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In the capital city of Des Moines, the Des Moines Art Center, 4700 Grand Ave. (tel. 515/277-4405; www.desmoinesartcenter.org), is a masterpiece designed by not one, but three renowned architects: I. M. Pei, Eliel Saarinen, and Richard Meier. It houses a world-class collection of contemporary modern art featuring works by Matisse, O'Keeffe, Rothko, and Richter, and sculptures by Rodin. It's hard to miss the gold-leaf-covered dome of the century-old Iowa State Capitol, East 12th Street and Grand Avenue (tel. 515/281-5129; www.legis.state.ia.us). Do go on one of the hour-long tours of the premises, which take in, among other things, an absolutely delightful collection of First Lady dolls. On the grounds you'll find several monuments and memorials to armed forces personnel who fell during various wars. For the lowdown on the state's history, check out the State Historical Building, 600 E. Locust St. (tel. 515/281-5111; www.iowahistory.org), whose ultramodern building houses interactive exhibits on native wildlife, American Indian and pioneer artifacts, military history, and an extensive collection of Iowa's historical records. A favorite exhibit traces the history of the woolly mammoth; the highlight of the exhibit is a complete skeleton of one of the extinct creatures.

Cedar Rapids, just north of Iowa City off I-380, is home to the Cedar Rapids Museum of Art, 410 Third Ave. SE (tel. 319/366-7503; www.crma.org), which was seriously damaged by floods in the summer of 2008 that left most of the city under water. The museum reopened at the end of August, and the Grant Wood Studio on Turner Street is also open again, after a major renovation that survived the flood. The CRMA is home to the world's largest collection of works by native Iowan artist Grant Wood (1892-1942), best known for the iconic American Gothic. The city is also home to the National Czech & Slovak Museum & Library, 30 16th Ave. SW (tel. 319/362-8500; www.ncsml.org), the country's foremost museum covering Czech and Slovak history and culture, which is set in Czech Village, an area along the Cedar River that is loaded with old-world European charm. The state is home to a large population of Czech immigrants; a highlight of the museum is a restored 19th-century immigrant home.

About 10 miles west of Iowa City in the small community of West Branch is the Herbert Hoover Presidential Library, Museum, and National Historic Site, 210 Parkside Dr. (tel. 319/643-5301; www.hoover.archives.gov), where you can tour the birthplace cottage of former president Hoover, his father's blacksmith shop, a Quaker meetinghouse, a pioneer schoolhouse, and the president's gravesite. Other exhibits detail the life of former First Lady Lou Henry Hoover, and President Hoover's diminishing reputation during the days of the Great Depression.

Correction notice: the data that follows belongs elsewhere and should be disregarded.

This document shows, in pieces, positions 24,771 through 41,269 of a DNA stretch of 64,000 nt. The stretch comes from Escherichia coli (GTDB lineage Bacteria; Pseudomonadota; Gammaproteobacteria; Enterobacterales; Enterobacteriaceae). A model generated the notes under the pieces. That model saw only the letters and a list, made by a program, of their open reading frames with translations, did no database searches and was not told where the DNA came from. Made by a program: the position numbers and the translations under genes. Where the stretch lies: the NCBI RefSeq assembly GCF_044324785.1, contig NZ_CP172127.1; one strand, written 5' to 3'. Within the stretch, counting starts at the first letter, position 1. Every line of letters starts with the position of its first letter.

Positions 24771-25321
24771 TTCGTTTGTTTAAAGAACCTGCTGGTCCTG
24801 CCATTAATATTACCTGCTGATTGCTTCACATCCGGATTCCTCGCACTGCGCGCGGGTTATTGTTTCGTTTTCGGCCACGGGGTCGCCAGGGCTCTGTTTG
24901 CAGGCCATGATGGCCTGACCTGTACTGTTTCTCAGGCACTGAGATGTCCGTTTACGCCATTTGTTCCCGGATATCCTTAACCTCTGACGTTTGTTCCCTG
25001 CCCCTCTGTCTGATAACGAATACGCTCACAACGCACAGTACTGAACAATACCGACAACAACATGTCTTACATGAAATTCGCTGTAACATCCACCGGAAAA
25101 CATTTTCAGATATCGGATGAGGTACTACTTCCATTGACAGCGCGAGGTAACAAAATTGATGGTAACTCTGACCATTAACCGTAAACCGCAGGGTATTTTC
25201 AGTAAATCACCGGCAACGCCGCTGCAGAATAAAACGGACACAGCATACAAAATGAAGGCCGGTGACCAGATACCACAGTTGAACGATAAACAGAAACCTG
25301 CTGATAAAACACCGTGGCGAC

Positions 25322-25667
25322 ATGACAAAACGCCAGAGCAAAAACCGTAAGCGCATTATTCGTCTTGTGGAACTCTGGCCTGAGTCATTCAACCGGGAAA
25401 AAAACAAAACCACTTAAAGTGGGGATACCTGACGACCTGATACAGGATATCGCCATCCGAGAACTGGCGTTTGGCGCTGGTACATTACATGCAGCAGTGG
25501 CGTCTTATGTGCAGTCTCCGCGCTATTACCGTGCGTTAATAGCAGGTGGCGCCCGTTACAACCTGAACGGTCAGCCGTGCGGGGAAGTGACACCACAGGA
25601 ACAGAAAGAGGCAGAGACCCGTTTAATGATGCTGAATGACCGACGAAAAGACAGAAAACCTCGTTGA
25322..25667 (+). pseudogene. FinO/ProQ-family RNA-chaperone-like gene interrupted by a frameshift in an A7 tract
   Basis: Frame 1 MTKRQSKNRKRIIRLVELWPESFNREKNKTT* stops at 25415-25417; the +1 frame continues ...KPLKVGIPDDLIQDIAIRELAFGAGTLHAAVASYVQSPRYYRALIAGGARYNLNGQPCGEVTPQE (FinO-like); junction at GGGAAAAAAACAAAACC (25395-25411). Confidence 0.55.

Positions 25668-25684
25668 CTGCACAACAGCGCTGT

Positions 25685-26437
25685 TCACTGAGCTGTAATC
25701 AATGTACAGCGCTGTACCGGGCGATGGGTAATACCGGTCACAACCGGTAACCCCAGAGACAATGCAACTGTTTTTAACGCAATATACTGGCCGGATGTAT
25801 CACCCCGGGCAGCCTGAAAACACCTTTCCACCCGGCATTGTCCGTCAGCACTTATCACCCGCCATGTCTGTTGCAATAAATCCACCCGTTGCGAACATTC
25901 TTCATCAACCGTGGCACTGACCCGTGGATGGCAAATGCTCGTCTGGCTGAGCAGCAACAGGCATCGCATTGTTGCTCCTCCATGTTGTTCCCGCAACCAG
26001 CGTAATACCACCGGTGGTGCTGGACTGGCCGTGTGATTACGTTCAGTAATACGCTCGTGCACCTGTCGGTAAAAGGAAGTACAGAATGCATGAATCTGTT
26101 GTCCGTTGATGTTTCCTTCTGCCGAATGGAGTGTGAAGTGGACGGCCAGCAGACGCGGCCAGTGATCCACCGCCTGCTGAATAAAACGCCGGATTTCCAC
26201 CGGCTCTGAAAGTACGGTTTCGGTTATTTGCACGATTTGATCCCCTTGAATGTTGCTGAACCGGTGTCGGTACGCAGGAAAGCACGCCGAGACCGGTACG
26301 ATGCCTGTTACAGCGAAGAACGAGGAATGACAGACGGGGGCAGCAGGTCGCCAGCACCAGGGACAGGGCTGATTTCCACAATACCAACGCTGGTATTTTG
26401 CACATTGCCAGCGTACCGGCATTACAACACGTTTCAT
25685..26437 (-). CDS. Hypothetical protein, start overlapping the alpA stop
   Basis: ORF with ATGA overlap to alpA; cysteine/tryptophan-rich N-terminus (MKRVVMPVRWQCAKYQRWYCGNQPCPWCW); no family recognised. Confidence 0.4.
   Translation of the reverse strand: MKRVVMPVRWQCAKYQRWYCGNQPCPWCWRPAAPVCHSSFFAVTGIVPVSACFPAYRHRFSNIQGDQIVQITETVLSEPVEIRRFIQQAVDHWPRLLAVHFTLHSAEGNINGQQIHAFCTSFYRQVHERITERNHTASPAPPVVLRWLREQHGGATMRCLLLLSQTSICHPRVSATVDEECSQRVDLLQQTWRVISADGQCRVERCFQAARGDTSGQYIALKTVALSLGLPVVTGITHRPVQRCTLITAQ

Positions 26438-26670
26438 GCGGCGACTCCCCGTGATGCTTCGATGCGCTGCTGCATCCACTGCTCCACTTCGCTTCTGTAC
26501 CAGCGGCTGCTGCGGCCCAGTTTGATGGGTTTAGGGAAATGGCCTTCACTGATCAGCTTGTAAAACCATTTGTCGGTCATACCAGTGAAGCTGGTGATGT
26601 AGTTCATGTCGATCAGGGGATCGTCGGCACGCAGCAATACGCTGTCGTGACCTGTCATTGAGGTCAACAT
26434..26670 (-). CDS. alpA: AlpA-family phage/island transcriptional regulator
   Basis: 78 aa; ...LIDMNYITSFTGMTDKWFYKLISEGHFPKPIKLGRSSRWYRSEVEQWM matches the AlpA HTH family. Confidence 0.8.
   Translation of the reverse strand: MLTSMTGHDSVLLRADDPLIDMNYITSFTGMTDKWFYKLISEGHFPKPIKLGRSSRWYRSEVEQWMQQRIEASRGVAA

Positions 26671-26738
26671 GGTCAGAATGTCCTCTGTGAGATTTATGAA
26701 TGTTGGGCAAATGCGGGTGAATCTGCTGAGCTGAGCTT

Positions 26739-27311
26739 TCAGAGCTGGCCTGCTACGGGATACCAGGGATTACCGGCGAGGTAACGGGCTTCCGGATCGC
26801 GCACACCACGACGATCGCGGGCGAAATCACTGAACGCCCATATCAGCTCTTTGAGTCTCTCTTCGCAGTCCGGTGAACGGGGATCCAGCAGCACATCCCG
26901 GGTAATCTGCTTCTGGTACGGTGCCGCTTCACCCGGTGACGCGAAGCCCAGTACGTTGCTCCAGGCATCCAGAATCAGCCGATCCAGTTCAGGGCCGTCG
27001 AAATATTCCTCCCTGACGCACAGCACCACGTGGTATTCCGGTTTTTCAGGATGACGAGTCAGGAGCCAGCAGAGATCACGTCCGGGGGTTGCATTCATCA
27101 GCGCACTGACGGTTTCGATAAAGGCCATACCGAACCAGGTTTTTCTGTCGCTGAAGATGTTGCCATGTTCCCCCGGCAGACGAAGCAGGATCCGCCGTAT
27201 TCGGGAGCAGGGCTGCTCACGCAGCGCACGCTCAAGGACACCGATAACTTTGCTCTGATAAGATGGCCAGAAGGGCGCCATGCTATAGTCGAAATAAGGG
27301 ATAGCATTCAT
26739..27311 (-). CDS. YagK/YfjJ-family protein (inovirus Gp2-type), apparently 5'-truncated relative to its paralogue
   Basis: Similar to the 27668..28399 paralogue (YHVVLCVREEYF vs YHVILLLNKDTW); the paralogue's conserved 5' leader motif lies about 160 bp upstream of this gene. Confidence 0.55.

In the city of West Bend (2 1/2 hr. from Des Moines), the dream of Catholic priest Father Paul Dobberstein, the Grotto of the Redemption (tel. 515/887-2371; www.westbendgrotto.com) is a religious shrine composed of nine exceptionally designed grottoes depicting the life of Christ. It has been hailed by critics as "a miracle in stone" and took 45 years to build. The on-premises museum includes a large display of precious and semiprecious stones from throughout the world (its geological value is approx. $4.3 million). Tours are given daily May 1 through October 16.

Set alongside the Iowa River, you'll find the Amana Colonies, settled in the 19th century (they celebrated their 150th anniversary in 2005) by Inspirationists, a German religious sect. Though the original colonists' descendants voted to end their communal lifestyle in 1932, they left behind seven colonies, a virtually intact district of 500 historical buildings (including barns, kitchens, a mill, and factories -- among them the famous appliance factory that bears the colonies' name) that's a National Historic Landmark. To begin your visit, head for the Amana Colonies Welcome Center, 622 46th Ave. in Amana (tel. 800/579-2294 or 319/622-7622; www.amanacolonies.com).

Fans of Robert James Waller's novels should head to picturesque Winterset in Madison County, off U.S. 92 (tel. 515/462-1185; www.madisoncounty.com). Its five covered bridges date from the 1880s and are National Historic Landmarks. The best time to visit is October, when fall foliage is at its peak and the Covered Bridge Festival takes place. Also notable in Winterset is the birthplace of John Wayne, 216 S. 2nd St. (tel. 515/462-1044; www.johnwaynebirthplace.org). You can visit the four-room house in which the legendary actor was born; it's loaded with memorabilia and photos.

A Little Piece of Baseball Heaven -- Okay, so there really is a little piece of heaven in Iowa. Baseball heaven, that is. In the town of Dyersville, Iowa, you'll find the famous cornfield-based baseball diamond immortalized in the Oscar-nominated film Field of Dreams. The Field of Dreams Movie Site, 28963 Lansing Rd., off Hwy. 136 South (tel. 888/875-8404; www.fieldofdreamsmoviesite.com), was opened to the public in 1989 and, true to form, they built it and fans came. The field is open for play April through November, 9am to 6pm daily, and admission is free. If you're a baseball fan, it's worth the pilgrimage -- just don't forget to bring your bat and glove. Go the distance!

Note: This information was accurate when it was published, but can change without notice. Please be sure to confirm all rates and details directly with the companies in question before planning your trip.